Lymphedema is a condition that is caused by a lymphatic system that is not working properly or has been compromised by cancer treatments that adversely affect the lymphatic system. This condition often occurs after breast removal or other lymphatic system stress in the cancer treatment process.
Symptoms of Lymphedema include massive swelling, tenderness in affected areas, heaviness of limbs, and loss of feeling in the affected areas as well, among others. Although diagnosing lymphedema has become easier for physicians, there are a variety of methods used to make sure the patient is truly being affected by lymphedema.
Lymphedema is a chronic condition that can be managed but not cured, and is treated in a wide variety of ways, depending upon the severity of the condition. Because the lymphatic system is being affected by increased pressure within the patient’s body, measures must be taken to move the retained fluid manually. This can be done using compression bandages, exercise therapy recommended by a doctor or physical therapist, or massage.
The use of massage in treating Lymphedema seems to be one of the more successful treatment methods for people dealing with this chronic problem, but must be done under the strict advisement of a qualified physician. If not performed properly, the massage can actually exacerbate the problem, creating further lymphedema-related problems.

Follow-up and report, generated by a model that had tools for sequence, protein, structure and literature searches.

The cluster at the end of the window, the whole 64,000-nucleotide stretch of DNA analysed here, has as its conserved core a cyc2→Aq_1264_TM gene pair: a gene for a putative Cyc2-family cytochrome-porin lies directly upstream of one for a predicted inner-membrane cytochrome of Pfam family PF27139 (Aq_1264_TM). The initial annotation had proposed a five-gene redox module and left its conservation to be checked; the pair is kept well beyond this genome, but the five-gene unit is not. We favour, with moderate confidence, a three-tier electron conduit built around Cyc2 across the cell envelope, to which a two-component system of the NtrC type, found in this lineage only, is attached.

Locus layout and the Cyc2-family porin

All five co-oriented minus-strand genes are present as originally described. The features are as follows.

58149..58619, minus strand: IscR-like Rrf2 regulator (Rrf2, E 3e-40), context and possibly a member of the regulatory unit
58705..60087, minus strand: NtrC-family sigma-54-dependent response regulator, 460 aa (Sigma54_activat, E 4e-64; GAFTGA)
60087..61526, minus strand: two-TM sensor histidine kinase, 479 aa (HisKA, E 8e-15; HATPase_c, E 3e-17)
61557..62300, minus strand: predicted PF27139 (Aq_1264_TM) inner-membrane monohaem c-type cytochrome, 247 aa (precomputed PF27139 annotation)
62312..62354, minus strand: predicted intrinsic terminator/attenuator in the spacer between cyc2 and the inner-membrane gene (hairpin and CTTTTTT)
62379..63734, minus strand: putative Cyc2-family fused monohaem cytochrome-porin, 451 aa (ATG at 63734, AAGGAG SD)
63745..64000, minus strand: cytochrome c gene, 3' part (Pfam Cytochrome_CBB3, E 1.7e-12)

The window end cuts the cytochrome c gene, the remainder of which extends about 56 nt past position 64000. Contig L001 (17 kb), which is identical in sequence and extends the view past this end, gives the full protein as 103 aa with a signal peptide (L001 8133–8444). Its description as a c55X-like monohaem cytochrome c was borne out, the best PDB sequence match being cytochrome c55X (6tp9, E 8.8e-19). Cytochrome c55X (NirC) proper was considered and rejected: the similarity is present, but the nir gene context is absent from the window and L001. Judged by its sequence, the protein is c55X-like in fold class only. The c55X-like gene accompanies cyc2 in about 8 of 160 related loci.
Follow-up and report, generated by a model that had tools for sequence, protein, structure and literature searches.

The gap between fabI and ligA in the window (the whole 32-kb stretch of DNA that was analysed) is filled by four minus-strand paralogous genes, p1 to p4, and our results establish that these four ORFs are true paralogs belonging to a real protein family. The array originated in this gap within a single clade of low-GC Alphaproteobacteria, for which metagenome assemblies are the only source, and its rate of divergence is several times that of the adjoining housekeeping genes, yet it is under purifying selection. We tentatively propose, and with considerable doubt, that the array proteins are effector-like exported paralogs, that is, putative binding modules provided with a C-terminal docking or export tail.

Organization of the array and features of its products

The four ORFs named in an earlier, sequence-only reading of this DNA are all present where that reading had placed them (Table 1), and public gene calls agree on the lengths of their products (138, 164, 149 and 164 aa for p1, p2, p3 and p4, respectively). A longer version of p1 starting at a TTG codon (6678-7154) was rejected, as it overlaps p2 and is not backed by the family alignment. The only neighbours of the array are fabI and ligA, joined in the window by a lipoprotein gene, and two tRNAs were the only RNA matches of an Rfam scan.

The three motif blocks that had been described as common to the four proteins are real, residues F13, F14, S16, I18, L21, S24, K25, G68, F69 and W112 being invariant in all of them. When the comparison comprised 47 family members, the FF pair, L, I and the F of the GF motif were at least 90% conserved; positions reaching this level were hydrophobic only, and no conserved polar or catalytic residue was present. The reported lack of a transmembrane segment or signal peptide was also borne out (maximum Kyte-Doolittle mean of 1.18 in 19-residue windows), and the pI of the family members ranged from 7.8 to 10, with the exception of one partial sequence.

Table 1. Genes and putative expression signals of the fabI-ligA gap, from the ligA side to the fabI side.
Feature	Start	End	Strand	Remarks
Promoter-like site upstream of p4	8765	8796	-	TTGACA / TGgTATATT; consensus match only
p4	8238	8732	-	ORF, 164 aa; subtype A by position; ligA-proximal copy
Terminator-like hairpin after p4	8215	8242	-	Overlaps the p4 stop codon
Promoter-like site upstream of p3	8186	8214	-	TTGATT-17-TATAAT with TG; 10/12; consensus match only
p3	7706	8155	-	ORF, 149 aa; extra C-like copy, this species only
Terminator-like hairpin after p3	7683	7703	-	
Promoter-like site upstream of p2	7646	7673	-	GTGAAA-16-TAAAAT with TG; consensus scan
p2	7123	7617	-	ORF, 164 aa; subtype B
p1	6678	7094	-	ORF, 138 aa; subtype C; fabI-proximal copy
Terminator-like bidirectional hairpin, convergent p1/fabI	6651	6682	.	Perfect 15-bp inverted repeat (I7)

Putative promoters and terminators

Lymphedema therapy that utilizes massage is known as manual lymph drainage therapists who specialize in this particular massage technique must receive a detailed history about the patient’s health before beginning therapy. Isolating areas of treatment, the massage therapist assists the drainage and movement of fluid that is trapped in affected areas by the compromised lymphatic system.
Manual lymph drainage can be very helpful to many people who suffer from Lymphedema, but it is a very time-consuming process that requires multiple visits to both the therapist involved, as well as the patient’s physician to track progress, and modify the therapy as needed to get the most benefit out of the process for the patient.
If patients who have recently gone through breast removal surgery are beginning to notice abnormal swelling in limbs or any of the above mentioned symptoms, it is important to visit with a doctor as soon as possible. The effects of cancer treatment can sometimes further harm an already stressed lymphatic system and collateral damage must be assessed. As lymphedema is chronic, proactive treatment could certainly benefit the patient and prevent the condition from becoming extreme.
Again, massage therapy for lymphedema, or manual lymph drainage, can be helpful and beneficial, but must be recommended by a physician. If there is any clue that a patient suffers from lymphedema, they must consult with their physician as soon as possible for a detailed management plan.